As a Salem success, it's a perfect place for this!
Mixed in with delight at CB|Two's* Broadway Commons building, its bike parking, and Stumptown Coffee, at the end of the Green + Solar tour, a small puzzle was the way the building looked from the south.
Here it is as built, looking from the south.
The windowed tower was a little too big, brooding over the brick wall rather than crowning and elevating it. It weighs down rather than lifts up.
Here's a concept sketch from before construction started - and before the economy tanked.
As built, the building footprint falls on the northern 2/3 of the half block. This concept, perhaps even original, was for the full half block. That concept also appears to have a quarter-round auditorium, which is now an outdoor amphitheater. The tower may be narrower, as well.
The change in the building shows clearly the way the massing of the fully glazed prayer and meditation tower might become a bit too heavy once the building was cut off.
Nevertheless, I think the totality of the building and site is much better with the patio and plaza, fountain and lawn, on that southern 1/3 of the half block. That makes the there there!
In the concept sketch, the entry is more like that of a mall, and however handsome the building, the focus shifts from the transition between street and building, walking and working, to the enclosure of the building itself. The focus moves indoors rather than sitting on the edge, on the the creativity of the margins.
Having the coffeeshop open to the street like that makes it a walking and bicycling destination - an urban destination and gathering place, and perfect for the new urban fabric of this new district.
Not every development here needs this sort of plaza, and it would be a mistake to make it into a template for each block's buildings. But with the plaza relating to Salem Cinema, the Y building, and cluster of new development on Broadway, centered a block away on Market and Broadway, this one is just right.
The Vision 2020 group had been working on a downtown square idea. That project has slowed down, and its champions might want to look at the Broadway Commons plaza as a successful local example.
The students and planners who are working on the north waterfront should also think about building uses and place-making. Riverfront Park is great, but it lacks attractions in the park, easy connections and bordering attractors across Front Street, and activity generators to send successive pulses of people into the park. With the coffeeshop, worship services, the clinic, and public meeting facilities, Broadway Commons has a diverse set of generators to create waves of activity in the plaza.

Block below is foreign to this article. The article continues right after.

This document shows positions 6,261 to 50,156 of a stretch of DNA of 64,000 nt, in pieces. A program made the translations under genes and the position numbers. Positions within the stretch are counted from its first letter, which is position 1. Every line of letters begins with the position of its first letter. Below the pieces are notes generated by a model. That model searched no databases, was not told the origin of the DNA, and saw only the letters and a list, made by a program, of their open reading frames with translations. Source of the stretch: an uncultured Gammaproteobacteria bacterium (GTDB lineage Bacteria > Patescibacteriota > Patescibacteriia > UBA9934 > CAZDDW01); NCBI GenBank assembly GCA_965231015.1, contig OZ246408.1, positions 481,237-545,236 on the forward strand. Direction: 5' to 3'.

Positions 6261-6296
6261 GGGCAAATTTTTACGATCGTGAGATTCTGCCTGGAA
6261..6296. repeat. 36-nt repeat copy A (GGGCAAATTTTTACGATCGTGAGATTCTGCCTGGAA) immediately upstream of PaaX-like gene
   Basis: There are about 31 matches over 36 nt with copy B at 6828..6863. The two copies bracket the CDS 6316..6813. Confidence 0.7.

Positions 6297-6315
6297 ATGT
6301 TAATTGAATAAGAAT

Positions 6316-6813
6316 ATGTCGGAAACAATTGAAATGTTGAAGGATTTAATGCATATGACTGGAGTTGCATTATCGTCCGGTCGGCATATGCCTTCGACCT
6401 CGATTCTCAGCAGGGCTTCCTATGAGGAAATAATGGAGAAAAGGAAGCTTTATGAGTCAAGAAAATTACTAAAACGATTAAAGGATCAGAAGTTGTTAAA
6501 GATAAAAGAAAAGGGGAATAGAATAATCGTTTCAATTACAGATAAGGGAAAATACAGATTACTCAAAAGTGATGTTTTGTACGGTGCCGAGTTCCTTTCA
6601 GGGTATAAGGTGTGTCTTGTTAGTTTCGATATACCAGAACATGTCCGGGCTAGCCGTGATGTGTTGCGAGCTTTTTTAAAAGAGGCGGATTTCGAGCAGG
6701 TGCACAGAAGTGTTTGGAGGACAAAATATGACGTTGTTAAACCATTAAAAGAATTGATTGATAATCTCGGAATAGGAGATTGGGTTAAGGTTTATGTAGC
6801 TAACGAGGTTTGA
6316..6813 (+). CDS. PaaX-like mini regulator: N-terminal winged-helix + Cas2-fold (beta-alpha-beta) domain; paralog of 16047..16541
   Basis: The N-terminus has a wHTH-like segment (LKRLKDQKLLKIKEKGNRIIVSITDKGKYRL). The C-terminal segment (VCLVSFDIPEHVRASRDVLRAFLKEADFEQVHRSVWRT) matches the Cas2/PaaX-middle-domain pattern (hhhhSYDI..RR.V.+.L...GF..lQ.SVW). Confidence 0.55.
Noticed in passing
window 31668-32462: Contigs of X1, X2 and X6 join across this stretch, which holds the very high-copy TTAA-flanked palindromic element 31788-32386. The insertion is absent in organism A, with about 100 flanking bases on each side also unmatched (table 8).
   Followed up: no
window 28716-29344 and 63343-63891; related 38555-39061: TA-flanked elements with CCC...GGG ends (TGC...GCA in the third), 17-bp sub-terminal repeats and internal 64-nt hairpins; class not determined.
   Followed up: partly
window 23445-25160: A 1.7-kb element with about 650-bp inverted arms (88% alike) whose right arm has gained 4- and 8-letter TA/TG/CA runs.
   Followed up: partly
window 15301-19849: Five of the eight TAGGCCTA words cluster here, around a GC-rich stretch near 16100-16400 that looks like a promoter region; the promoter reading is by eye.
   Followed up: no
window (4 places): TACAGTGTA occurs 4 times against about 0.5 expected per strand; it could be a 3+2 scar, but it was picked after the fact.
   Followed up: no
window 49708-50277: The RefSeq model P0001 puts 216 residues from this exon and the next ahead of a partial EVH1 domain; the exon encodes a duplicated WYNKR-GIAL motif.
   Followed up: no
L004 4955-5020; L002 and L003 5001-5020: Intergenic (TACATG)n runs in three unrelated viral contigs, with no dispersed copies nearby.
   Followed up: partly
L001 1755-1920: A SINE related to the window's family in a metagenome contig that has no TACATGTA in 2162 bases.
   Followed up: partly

This is a great step and should provide cues for the next steps.
*CB|Two may be the most exciting new addition to Salem development in several years. One of the Jurors for the 2010 Salem AIA Design Awards, Randy Nishimura, said about the Travel Salem Travel Cafe, the Kroc Center, and Waterplace:
It’s notable that CB2 Architects had a hand in three of the four projects we recognized. This was a surprise to us because it was not apparent while reviewing the entries that the three were authored by the same office. The jury commends CB2 for the uniformly high quality of its work and looks forward to seeing much more from the firm for years to come.(Top Image: CB|Two; Bottom Image: Salem Chapter of American Institute of Architects)
Overall, none of the winning projects exhibited traits one would associate with avant-garde or cutting-edge architecture; none broke the mold to re-imagine a new approach to designing for the built environment. Instead, like all of the entries in this year’s program, they represent good solutions to the challenges the architects were charged with addressing.